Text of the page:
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Taken from:

»Haste nichts, dann machste halt was«, darf dagegen der norddeutsche Internet-User schriftlich unwidersprochen behaupten.
[emphasis added]

I suppose it's a regional or colloquial expression. It seems to mean

"mach etwas!"

as in "simply/just do something!"

Is my understanding correct?

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Yes you're right (Ignore in braces, just a few more characters needed...) – chill0r Mar 30 '14 at 19:18
@Wrzlprmft: it comes from, in the second half of the box at the bottom of page. A google search also turns up hundreds of results. – karoshi Mar 30 '14 at 20:10
@Karoshi I took the freedom to add the link you provided to your question with a small excerpt from it. If you disagree with these edits, feel free to roll back using the revision history – Vogel612 Mar 31 '14 at 11:51
up vote 4 down vote accepted

To give some context, it could be in contrast to the well known phrase "Haste was, biste was" = "Hast du was, [dann] bist du was" = "if you have [stuff], then you are something" = "Wealth bestows status".

In contrast, "Haste nichts, dann machste halt was" = "Hast Du nichts, dann machst du halt was" = "if you have nothing, you just do something".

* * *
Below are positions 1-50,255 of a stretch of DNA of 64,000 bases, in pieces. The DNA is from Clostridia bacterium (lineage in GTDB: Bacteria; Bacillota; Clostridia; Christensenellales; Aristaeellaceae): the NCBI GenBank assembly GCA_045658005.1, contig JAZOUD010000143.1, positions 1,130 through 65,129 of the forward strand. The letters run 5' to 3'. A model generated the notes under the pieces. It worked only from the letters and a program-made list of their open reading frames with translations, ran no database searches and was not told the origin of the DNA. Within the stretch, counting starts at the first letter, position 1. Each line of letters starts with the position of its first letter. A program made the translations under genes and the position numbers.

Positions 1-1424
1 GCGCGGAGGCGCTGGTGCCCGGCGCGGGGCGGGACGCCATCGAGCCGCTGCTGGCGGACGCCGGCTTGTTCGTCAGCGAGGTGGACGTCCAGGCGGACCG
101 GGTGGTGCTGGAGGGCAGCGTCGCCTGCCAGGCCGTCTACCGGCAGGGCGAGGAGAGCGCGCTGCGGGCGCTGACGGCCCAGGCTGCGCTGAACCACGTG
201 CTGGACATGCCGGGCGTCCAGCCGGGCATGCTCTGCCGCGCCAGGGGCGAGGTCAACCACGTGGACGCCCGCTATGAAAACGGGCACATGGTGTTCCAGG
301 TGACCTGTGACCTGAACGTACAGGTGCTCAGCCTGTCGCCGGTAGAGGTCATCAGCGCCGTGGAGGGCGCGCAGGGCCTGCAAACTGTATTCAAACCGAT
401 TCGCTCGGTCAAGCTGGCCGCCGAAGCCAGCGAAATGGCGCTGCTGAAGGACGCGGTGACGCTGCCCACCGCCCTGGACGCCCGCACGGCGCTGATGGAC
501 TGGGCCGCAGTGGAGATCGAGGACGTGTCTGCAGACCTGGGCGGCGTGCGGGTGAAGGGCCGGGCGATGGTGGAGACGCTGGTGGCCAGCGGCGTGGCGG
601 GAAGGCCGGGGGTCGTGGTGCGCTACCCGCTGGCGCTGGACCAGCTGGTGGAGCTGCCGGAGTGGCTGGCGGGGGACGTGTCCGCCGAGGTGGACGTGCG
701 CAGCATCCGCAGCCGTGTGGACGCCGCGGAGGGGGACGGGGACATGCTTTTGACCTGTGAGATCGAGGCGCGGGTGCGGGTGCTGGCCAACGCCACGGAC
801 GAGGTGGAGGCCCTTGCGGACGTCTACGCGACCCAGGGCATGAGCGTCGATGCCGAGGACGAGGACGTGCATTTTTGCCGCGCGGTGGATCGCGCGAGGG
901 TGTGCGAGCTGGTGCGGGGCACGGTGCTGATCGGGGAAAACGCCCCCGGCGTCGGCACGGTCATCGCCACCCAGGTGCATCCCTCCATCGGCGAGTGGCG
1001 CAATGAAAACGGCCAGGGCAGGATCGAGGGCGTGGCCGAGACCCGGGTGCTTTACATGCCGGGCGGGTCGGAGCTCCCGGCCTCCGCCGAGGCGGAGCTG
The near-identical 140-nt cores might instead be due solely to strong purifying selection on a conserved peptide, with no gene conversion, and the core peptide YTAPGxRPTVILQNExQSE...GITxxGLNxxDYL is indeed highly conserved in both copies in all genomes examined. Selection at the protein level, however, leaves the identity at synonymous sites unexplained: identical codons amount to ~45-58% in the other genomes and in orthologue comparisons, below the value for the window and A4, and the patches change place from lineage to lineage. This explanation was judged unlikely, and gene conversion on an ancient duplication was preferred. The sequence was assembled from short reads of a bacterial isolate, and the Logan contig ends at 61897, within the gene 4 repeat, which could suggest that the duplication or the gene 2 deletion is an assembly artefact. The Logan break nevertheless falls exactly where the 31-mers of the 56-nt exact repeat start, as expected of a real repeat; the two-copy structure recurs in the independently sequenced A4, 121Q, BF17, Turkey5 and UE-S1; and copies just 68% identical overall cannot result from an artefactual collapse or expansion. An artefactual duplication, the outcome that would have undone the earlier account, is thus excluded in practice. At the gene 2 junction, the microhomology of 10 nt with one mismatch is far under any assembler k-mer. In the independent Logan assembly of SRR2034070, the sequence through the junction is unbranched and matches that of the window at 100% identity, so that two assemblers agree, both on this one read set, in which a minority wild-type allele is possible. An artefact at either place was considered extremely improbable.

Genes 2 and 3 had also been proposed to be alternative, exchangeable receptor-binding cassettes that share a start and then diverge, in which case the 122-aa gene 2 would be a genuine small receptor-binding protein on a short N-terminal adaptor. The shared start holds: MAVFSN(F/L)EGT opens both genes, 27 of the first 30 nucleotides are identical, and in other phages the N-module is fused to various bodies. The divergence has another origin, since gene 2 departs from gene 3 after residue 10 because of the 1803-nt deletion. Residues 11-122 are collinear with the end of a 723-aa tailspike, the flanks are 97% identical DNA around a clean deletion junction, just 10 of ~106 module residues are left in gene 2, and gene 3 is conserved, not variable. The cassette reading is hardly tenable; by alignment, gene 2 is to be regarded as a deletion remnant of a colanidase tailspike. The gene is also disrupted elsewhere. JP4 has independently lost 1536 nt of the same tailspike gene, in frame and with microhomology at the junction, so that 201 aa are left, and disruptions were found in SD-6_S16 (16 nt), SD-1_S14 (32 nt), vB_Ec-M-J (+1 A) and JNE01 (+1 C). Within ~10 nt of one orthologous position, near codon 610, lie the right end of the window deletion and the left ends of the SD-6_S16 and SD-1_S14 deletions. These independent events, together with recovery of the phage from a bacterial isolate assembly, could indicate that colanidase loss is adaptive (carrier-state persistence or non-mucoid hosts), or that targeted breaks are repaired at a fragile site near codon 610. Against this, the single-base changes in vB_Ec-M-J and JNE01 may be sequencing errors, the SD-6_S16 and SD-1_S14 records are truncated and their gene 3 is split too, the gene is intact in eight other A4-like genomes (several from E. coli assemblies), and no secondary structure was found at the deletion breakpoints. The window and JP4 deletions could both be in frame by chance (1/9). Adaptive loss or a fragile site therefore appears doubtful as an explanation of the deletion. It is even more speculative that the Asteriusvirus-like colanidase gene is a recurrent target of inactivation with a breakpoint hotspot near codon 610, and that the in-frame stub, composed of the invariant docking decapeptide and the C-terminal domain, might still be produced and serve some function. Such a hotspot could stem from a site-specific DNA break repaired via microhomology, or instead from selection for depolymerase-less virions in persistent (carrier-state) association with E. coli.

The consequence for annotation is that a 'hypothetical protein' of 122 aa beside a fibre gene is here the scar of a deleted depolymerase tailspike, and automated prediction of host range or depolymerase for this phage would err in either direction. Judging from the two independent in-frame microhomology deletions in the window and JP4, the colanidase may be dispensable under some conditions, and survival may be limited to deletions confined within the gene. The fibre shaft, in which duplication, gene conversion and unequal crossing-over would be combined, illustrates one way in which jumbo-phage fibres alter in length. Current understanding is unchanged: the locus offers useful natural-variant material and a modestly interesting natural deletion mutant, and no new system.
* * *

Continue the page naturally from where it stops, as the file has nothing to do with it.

"Haste was, biste was" also seems to be a song by Tic Tac Toe.

At any rate, I think here the point is just that this "Haste"/"Biste" for "Hast Du"/"Bist Du" is fairly well established, even in writing.

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Machste was kann übrigens nicht nur mit "do" sondern auch mit "make" im Sinne von "create" übersetzt werden. – Vogel612 Apr 2 '14 at 22:58

Yes, it's correct. "Machste" is short für "Machst du". "Halt" is sort of generic, simply/just is a good translation.

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I'd be interested into a context when to use it. Doesn't sound very idiomatic to me. – Em1 Mar 30 '14 at 19:38
@Em1: It's not idiomatic, it's just a short form. Example: X complains about something, Y says "dann machste halt was (dagegen)" (then just do something about it). The shortening is common in colloquial speech, hast du -> haste, gehst du -> gehste, etc. – dirkt Mar 30 '14 at 22:47
Well, short forms and idioms are not mutually exclusive. I'd consider "tu was" more common. However, from what I learned searching the Internet, the phrase in question seems to be common in Northern parts of Germany and I can't speak for that region. – Em1 Apr 1 '14 at 8:51

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